One of my regular blog readers submitted an LED globe for post-mortem analysis, having failed well before the expected lifetime. I take a look inside, determine the configuration and analyze the relatively "anonymous" product which seems to show several design shortcomings which I discuss and think might be relevant to other readers at the element14 community.

 

The article is posted at http://goughlui.com/2016/06/01/failed-click-ltmr5w3k-5w-led-mr16-replacement-globe/

 

What really gets me is that many products are still designed using multiple-parallel LEDs without any current balancing mechanisms (e.g. remember emitter feedback resistors when paralleling BJTs?) and that leads to potential for a single string to be overstressed continually, fail early, and begin the cascade of failure as other LEDs are forced to soak up current in excess of their ratings, and operate in less efficient regimes resulting in greater heat production and degradation of the semiconductor material. Of course, if you went all-series, you would have an all or nothing situation and require higher voltage driver electronics, but I personally would gravitate to this arrangement for reliability reasons, or go with multiple independent channels if reliability is demanded.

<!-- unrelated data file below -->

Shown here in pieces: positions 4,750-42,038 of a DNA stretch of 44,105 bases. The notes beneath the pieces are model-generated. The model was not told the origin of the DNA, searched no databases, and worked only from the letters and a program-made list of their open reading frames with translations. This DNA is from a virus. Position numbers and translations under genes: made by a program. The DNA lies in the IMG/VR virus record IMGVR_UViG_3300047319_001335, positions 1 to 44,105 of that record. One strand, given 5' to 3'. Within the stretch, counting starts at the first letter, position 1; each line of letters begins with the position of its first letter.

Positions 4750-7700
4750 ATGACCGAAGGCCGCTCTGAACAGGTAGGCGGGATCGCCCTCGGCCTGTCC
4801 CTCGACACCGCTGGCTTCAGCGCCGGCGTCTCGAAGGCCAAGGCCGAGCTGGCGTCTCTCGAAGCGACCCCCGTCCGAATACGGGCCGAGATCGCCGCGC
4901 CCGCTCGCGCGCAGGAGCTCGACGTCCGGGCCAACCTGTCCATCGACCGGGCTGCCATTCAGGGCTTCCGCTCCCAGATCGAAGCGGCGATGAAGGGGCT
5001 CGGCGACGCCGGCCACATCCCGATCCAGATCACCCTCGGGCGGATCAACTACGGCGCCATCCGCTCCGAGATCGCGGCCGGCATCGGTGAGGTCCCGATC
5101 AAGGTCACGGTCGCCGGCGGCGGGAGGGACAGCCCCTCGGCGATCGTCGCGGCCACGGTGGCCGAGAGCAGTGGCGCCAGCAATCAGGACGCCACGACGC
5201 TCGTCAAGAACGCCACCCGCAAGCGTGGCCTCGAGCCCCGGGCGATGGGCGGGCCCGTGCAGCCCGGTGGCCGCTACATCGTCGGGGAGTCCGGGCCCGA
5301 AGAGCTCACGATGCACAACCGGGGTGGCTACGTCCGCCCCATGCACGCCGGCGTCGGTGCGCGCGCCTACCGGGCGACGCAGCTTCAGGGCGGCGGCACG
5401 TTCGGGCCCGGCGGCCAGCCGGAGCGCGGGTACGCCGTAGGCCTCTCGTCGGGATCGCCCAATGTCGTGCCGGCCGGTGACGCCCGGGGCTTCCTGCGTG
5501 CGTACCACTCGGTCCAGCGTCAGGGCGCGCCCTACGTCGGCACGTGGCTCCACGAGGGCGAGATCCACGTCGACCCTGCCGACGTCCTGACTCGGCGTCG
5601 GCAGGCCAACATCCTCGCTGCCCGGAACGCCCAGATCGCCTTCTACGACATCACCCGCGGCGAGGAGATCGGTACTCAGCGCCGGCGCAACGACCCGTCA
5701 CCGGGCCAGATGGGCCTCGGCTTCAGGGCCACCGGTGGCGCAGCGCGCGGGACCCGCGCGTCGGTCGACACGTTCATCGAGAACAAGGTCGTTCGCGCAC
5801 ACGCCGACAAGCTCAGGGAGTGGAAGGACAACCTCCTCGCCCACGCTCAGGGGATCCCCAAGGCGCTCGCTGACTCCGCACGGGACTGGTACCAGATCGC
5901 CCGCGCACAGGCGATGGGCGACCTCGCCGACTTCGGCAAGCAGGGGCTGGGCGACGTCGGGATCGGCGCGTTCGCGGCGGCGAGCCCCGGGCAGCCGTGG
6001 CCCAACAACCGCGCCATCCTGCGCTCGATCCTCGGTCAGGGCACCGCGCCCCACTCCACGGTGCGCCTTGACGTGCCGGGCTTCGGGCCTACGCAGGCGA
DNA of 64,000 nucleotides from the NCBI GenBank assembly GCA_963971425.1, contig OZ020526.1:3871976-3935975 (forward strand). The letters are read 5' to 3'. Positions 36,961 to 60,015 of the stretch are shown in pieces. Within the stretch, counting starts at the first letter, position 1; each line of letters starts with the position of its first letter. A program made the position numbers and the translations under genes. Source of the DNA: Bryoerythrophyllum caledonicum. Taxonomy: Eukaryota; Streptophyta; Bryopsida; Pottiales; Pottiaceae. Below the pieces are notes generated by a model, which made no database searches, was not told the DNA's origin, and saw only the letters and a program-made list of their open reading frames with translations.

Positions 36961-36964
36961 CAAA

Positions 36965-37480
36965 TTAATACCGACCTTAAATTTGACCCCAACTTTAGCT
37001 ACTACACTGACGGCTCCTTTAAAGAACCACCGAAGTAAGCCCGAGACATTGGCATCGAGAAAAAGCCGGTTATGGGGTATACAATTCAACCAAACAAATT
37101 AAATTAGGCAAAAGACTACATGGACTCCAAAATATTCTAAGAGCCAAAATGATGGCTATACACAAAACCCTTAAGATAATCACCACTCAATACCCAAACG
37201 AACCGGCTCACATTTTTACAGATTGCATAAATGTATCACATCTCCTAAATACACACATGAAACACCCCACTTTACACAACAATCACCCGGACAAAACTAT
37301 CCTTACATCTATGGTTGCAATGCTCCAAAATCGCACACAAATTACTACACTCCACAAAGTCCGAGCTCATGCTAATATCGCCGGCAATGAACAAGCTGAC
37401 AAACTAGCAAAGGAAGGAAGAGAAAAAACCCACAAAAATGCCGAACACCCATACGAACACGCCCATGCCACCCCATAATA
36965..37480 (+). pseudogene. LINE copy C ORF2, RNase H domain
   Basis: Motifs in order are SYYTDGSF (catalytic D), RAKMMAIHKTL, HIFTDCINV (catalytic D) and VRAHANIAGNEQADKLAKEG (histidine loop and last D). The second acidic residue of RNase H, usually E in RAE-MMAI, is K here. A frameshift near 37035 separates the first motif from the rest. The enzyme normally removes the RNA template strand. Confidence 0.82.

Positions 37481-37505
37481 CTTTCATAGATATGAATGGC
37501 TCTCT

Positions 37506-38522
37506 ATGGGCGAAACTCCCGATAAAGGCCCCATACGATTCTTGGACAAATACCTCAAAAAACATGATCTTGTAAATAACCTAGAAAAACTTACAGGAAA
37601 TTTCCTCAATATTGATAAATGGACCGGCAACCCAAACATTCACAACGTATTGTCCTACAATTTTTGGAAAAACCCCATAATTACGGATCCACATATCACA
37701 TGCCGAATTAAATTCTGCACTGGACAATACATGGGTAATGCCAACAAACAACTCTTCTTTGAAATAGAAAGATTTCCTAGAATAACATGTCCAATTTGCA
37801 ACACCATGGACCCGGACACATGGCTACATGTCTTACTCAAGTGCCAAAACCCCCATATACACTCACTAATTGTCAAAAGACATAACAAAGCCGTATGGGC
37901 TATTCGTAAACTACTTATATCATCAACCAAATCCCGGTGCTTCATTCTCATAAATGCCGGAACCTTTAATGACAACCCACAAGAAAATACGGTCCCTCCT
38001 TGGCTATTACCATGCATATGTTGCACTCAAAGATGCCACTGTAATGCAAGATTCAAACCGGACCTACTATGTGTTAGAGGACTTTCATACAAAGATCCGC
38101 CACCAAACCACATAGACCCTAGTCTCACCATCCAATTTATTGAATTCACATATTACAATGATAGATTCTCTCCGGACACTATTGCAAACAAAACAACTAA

Any comments, or stories related to LED globes or LED light designs are very much welcome.

 

- Gough